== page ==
10 ways for Hokie cyclists to get winter ready
While thoughts of biting temperatures and blustery mornings might not immediately spark the urge to hop on a bike, winter riding is still a great way to get around campus during the colder months.
“Winter riding isn’t just for the brave. With less crowded roads and the same environmental, health, and cost benefits, cycling is a great way improve endurance and get out of the house during winter months,” said Nick Quint, transportation network manager at Virginia Tech.
Quint recently joined Virginia Tech from the Fredericksburg Area Metropolitan Planning Organization, where he served as principal planner. Quint helped facilitate long-range transportation planning, with an emphasis on alternative transportation, in one of the state’s fastest-growing regions.
The Virginia Tech Alternative Transportation Department shares 10 easy ways for Hokie cyclists to get winter ready:
Tips for bike care
1. Winter maintenance
Keeping chains, gear cassette, shifters, and cables lubricated is especially important as weather gets colder and wetter. Make sure to keep a close eye on the brakes. Bike cleanliness is also imperative, as road salt can cause bike corrosion. All bike maintenance can be completed at Hokie Bike Hub on the Blacksburg campus.
2. Brighten up
Under Virginia law, cyclists must have at least a front light and back reflector after sunset. With shorter days and decreased visibility due to weather, lights will help catch the attention of motorists who may not be looking for cyclists in the colder seasons.
Thicker bike tires with deep tread are generally considered better for riding on the ice and snow. For a temporary solution for more traction, wrap zip ties around tires and rims.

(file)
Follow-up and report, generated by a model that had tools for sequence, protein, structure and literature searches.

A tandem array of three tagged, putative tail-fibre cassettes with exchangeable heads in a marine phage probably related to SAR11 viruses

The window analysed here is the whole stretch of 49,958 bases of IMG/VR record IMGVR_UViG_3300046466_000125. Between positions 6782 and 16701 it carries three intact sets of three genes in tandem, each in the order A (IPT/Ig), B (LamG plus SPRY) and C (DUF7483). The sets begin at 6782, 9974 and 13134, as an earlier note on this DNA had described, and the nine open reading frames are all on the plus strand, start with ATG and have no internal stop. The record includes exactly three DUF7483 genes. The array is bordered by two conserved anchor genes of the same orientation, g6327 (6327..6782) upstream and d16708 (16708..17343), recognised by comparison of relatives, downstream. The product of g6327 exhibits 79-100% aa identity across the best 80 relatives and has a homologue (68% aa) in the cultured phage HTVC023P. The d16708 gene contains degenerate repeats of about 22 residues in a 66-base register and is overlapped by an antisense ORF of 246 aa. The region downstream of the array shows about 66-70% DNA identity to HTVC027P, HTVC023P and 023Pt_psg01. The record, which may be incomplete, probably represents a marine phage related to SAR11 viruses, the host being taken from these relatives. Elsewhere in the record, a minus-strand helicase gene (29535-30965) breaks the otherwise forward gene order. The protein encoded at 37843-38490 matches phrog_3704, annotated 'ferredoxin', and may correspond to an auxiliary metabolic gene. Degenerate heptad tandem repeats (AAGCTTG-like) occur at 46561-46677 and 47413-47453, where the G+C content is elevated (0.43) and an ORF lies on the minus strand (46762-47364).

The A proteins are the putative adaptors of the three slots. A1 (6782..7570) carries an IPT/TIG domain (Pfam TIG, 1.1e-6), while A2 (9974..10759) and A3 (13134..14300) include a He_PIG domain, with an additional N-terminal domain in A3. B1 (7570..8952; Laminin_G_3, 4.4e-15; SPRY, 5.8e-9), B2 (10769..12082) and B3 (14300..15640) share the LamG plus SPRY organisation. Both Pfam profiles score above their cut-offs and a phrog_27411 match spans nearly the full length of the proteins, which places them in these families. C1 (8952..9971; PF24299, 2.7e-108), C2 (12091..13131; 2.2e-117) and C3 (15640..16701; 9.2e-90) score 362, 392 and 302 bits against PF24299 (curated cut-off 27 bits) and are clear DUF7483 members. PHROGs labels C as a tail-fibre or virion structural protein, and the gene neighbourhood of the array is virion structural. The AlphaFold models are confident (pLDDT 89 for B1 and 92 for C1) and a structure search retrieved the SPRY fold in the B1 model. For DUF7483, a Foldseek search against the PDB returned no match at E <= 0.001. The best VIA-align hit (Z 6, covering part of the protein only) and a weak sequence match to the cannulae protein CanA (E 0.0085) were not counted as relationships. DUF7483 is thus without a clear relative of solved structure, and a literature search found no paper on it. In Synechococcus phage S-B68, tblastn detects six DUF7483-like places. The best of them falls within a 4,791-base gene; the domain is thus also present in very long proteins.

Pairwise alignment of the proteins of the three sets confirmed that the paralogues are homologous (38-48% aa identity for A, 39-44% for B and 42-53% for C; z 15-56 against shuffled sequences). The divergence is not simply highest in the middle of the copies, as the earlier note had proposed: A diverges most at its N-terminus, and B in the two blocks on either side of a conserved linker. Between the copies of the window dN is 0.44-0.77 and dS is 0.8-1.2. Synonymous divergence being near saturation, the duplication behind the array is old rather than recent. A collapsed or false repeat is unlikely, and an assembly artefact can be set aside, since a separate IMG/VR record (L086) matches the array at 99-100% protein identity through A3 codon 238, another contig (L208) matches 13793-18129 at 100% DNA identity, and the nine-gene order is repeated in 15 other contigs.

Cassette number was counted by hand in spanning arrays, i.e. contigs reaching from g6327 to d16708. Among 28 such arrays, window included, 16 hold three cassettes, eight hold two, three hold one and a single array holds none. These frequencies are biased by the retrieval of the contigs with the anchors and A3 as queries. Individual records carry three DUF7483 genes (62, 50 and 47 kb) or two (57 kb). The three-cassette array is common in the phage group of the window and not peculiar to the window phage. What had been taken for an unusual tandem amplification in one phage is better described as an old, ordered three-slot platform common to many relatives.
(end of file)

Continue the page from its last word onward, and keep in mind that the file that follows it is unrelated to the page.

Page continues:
Fenders defend the cyclist and bike from water, mud, road salt, and snow. There are a variety of fenders in the market and there are even ways online to make your own. Hokie Bike Hub staff can also assist with fender installation.
Tips for the rider
Layer up. Core fabrics that wick away sweat to stay dry are best; cotton has opposite effect. An insulating middle layer covered by a rainproof outer layer will keep riders warm most winter days.
6. Skin coverage
Ears, hands, and faces suffer most from cold riding. Lobster gloves or mittens paired with a scarf or a balaclava provide good skin coverage. Don’t forget a warm hat or headband for under the helmet to retain body heat and protect ears.
7. Shoe covers
While warm socks are a must, shoe covers, especially when roads are wet, are an additional way to keep feet warm and dry. Shoe covers can be purchased or made at home out of waterproof material.
Glasses, sunglasses, ski goggles, and even lab goggles, are all candidates to protect eyes from wind, rain, and snow.
Reminders on the road
9. Black ice
Avoid slips by being careful of black ice. Ride slowly and only use the rear brake if more control is needed on the ice.
10. Take advantage of RIDE Solutions when weather becomes too severe
RIDE Solutions offers a free guaranteed ride home for registered alternative transportation users. More information can be found here.
Please direct any questions to the Alterative Transportation Department at 540-231-2116, firstname.lastname@example.org, or in person at 1330 Perry Street, Monday through Friday, 9 a.m. - 6 p.m.